Construction Firms Prosecuted Over Worker Fall

Companies Fined After Falling Foul Of Safety Law


A pair of construction firms have been prosecuted and fined after a man was injured in a fall through a fragile roof at a site in Kent.

The 46-year-old, who does not wish to be named, suffered a broken rib and fractured left wrist after plunging two metres through the roof of a food packaging firm's cold store near Canterbury in Kent, where he had been undertaking construction work in October 2012.

In response to the incident, the Health and Safety Executive (HSE) investigated the roles of construction firms WW Martin - which the food firm had been using for several years to carry out work - and Branclad, the specialist roofing firm it hired to complete this particular job.

A risk assessment conducted by Branclad and sent to WW Martin noted that the fragility of the roof was a danger and stated that platforms with handrails would be used as a safety measure. However, the HSE found that from the start of work in September to the accident a few weeks later, no such measures were put in place.

Canterbury Magistrates heard that work was halted for ten days when the accident happened, but even then it resumed with no new safety measures other than more even platforms. At no time were the recommended handrails and harnesses introduced by Branclad and WW Martin took no action in response.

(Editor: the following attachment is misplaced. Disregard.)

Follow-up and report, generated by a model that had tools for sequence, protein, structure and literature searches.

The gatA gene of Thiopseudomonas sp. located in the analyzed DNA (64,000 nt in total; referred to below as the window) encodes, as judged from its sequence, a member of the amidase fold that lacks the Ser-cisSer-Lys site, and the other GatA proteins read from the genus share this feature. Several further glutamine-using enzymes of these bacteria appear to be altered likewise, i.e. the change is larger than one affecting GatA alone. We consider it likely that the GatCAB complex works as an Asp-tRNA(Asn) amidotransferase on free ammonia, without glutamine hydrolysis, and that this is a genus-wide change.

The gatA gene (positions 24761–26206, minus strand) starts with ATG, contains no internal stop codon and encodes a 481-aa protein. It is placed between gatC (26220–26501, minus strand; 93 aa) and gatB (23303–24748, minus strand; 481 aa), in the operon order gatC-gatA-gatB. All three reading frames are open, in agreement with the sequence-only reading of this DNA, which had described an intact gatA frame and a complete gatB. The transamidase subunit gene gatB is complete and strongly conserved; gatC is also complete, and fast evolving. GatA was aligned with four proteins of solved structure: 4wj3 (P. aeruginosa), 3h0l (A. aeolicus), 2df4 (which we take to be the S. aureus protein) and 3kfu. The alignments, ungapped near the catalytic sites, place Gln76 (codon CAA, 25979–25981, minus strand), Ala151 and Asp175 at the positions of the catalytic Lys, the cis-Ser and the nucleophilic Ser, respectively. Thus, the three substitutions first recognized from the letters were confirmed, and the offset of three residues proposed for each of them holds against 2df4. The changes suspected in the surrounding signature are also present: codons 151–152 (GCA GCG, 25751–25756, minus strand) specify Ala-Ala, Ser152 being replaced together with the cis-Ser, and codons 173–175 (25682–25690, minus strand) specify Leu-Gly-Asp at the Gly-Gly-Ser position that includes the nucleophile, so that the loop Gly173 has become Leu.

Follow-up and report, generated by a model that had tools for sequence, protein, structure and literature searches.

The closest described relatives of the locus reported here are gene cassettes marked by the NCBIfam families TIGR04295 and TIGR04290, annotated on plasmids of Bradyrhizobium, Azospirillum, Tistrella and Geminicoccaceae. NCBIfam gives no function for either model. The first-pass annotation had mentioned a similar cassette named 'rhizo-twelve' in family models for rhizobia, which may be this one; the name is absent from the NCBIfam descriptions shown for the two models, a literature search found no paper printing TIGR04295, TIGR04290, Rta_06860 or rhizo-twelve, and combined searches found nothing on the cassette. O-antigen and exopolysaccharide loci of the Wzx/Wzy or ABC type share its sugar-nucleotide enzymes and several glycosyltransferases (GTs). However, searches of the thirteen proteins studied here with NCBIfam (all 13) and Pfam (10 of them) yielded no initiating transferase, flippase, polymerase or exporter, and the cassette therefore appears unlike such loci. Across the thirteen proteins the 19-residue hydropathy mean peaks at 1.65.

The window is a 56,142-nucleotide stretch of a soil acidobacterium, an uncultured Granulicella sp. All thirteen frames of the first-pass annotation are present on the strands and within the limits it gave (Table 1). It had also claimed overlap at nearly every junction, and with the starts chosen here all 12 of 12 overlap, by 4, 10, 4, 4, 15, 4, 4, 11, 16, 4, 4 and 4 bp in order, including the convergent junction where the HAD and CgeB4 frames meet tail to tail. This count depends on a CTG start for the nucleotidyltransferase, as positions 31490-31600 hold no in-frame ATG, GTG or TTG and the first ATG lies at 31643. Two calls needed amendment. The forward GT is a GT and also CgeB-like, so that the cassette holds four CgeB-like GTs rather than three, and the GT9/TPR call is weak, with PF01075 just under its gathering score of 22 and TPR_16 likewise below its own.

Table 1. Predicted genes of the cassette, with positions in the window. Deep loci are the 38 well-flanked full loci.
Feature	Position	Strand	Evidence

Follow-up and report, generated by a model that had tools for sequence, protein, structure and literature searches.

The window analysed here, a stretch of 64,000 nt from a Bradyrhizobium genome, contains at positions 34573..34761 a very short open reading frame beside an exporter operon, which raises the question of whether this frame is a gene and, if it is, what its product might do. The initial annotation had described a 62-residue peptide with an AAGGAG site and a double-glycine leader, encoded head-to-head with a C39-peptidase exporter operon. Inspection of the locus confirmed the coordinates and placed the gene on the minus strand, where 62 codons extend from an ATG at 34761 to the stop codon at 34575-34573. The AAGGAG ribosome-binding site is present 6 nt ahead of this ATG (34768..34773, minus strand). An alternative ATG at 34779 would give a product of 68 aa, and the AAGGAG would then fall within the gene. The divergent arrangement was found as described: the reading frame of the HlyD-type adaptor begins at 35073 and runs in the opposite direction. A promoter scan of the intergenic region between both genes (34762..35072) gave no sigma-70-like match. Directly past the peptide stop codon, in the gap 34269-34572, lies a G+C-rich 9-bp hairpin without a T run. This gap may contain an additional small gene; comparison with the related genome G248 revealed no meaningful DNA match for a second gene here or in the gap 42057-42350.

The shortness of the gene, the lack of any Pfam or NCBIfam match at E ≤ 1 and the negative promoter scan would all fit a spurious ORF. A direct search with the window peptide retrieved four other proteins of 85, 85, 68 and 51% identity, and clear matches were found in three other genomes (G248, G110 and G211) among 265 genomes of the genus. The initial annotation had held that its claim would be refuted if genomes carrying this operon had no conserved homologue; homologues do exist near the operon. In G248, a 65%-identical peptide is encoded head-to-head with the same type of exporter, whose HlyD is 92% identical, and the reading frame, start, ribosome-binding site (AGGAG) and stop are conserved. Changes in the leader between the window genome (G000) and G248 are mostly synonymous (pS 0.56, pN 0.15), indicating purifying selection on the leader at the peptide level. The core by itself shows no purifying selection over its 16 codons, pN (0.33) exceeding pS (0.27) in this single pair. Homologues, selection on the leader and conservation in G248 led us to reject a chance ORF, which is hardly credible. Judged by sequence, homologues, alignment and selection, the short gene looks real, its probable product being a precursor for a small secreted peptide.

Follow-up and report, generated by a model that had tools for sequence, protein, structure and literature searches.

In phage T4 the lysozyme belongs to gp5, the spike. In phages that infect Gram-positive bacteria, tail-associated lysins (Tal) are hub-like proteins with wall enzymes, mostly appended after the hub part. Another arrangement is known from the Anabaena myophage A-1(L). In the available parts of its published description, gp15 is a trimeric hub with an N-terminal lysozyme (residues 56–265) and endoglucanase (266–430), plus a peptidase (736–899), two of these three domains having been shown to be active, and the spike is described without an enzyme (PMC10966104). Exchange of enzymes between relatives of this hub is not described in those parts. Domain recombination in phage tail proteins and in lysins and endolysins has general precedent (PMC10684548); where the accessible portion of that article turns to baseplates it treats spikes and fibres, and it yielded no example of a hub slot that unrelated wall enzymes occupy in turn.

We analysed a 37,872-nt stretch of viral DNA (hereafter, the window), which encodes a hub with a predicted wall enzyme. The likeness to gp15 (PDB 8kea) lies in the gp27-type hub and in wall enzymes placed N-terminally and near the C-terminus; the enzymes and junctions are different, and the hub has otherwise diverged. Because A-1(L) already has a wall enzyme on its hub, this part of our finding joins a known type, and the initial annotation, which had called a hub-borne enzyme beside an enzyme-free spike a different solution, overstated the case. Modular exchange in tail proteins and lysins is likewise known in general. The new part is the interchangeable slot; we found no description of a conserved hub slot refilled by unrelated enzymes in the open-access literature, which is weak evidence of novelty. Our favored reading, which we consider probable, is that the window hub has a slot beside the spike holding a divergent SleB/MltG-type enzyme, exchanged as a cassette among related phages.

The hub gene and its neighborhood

Both firms said they considered adding platforms with handrails but were concerned the very fragility of the roof would mean it could not handle this extra weight.

Each company pleaded guilty to one breach of the Work at Height Regulations 2005. The court ruled that Branclad bore 60 per cent of the responsibility and it was fined £7,000 with costs of £3,588. WW Martin was fined £10,000 due to it being in a stronger financial position with the same amount in costs.

Commenting on the case, HSE inspector Melvyn Stancliffe said: "It is incredible the work was carried out despite the companies’ misgivings about the strength of the internal cold store roof."  

HSE guidance on complying with the Working at Height 2005 Regulations notes that firms should ensure "the risks of working on or near fragile surfaces are properly managed".

Expert Opinion
This man suffered nasty injuries as a result of two companies failing to adhere to safety regulations that aim to keep workers safe.

“For a risk assessment to be carried out, but then to be completely ignored is not acceptable and resulted in terrible consequences.

“Sadly, through our day-to-day work we see that this is not uncommon. We hope that the HSE prosecution serves as a reminder to all companies about the importance of following regulations to protect those who work at heights and within the construction industry as a whole.”
Stephen Nye, Partner